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The iPhone ¿kill switch¿ is a necessary evil

To protect the iPhone from malicious software, Apple made a controversial choice.

Last Wednesday the iPhone Atlas Web site noted the discovery of code in the iPhone operating system that linked to a page on Apple’s Web site. Dubbed the “kill switch,” the code appears to be part of a system that would allow Apple to zap an iPhone app remotely.

Detected by Jonathan Zdziarski, an iPhone developer and author of two books on the iPhone, the page looked like the framework for a blacklist of iPhone apps, though it listed no programs.

For the terminally curious, the page generates this odd string of data:

{ "Date Generated" = "2008-08-12 19:11:39 Etc/GMT"; "BlackListedApps" = { "com.mal.icious" = { "Description" = "Being really bad!"; "App Name" = "Malicious"; "Date Revoked" = "2004-02-01 08:00:00 Etc/GMT"; }; }; }

Later posts by Zdziarski suggested the kill switch might be directed only at programs trying to access the global positioning software, which could transmit the location of the iPhone to a cybercriminal.

After several days of speculation in the blogosphere as to the legitimacy of Zdziarski’s claim, Monday’s Wall Street Journal obtained verification from Apple CEO Steve Jobs himself: “Hopefully we never have to pull that lever, but we would be irresponsible not to have a lever like that to pull.”

Since then the debate has focused on whether the kill switch oversteps the bounds of Apple’s authority. Many believe it’s a violation of privacy. Others worry Apple would wield the kill switch to nuke a legitimate app.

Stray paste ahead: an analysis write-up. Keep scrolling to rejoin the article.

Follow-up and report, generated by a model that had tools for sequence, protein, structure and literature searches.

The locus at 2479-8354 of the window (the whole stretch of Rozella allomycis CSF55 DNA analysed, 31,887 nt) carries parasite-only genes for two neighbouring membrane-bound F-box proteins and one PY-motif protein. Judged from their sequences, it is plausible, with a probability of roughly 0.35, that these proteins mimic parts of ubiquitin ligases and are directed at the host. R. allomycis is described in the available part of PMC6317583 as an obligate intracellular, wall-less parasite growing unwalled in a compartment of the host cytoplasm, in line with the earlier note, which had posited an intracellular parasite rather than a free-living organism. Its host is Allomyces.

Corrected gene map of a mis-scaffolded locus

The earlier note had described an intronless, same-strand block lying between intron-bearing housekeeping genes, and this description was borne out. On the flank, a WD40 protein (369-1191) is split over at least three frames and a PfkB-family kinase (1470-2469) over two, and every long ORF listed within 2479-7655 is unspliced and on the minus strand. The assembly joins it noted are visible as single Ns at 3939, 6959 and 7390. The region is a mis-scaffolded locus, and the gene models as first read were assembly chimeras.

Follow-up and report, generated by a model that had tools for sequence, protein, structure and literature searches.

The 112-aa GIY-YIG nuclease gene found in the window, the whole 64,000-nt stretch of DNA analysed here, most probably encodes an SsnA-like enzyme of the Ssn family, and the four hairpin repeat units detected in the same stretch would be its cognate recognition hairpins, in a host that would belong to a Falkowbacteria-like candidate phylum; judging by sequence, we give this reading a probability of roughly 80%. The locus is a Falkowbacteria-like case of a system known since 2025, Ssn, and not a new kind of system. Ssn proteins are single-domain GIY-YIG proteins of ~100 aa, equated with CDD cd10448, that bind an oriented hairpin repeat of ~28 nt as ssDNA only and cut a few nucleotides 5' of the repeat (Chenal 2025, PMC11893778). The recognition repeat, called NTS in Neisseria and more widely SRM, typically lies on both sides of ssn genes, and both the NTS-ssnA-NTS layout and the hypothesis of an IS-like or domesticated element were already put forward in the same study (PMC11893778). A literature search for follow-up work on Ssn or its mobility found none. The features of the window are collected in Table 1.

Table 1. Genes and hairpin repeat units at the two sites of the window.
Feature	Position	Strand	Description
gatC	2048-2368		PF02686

That Apple would zap legit apps customers have purchased strikes me as unlikely. After all, Apple has veto power over every piece of software in the App Store. Unless an app contained malicious code that escaped detection, Apple would have no reason to kill it.

Besides, Apple suffered enough of a PR black eye over the MobileMe/iPhone 3G launch fiasco. Why would it create another one by killing valid iPhone apps?

I think the kill switch is exactly what it appears to be: an emergency-use-only tool for Apple to prevent malware from getting a toehold on the fledgling iPhone platform.

Recall that when the iPhone debuted in June 2007, it was closed to developers precisely because of Apple’s malware fears. And though Apple announced in October it would make an SDK available, that SDK was not released until the following March, with security concerns cited as the cause of the delay.

From Steve Jobs’ October announcement: “There have been serious viruses on other mobile phones already, including some that silently spread from phone to phone over the cell network. As our phones become more powerful, these malicious programs will become more dangerous. And since the iPhone is the most advanced phone ever, it will be a highly visible target.”

So a kill switch fits the pattern of Apple’s previously demonstrated paranoia over iPhone vulnerability.

I also wonder how the iPhone community will react when a clever hacker sneaks some nasty code into an otherwise innocent-looking app and it slips by Apple’s screening process. It’s inevitable.

And just as predictably angry iPhone owners will expect Apple to come to the rescue.

At that point millions of iPhone owners will be grateful for the kill switch, regardless of how they feel about it now (yes, I’m talking to you, Dan Gillmor).

While I understand why it makes people uneasy, putting a kill switch in a device otherwise defenseless against malware seems to me a wise precaution.

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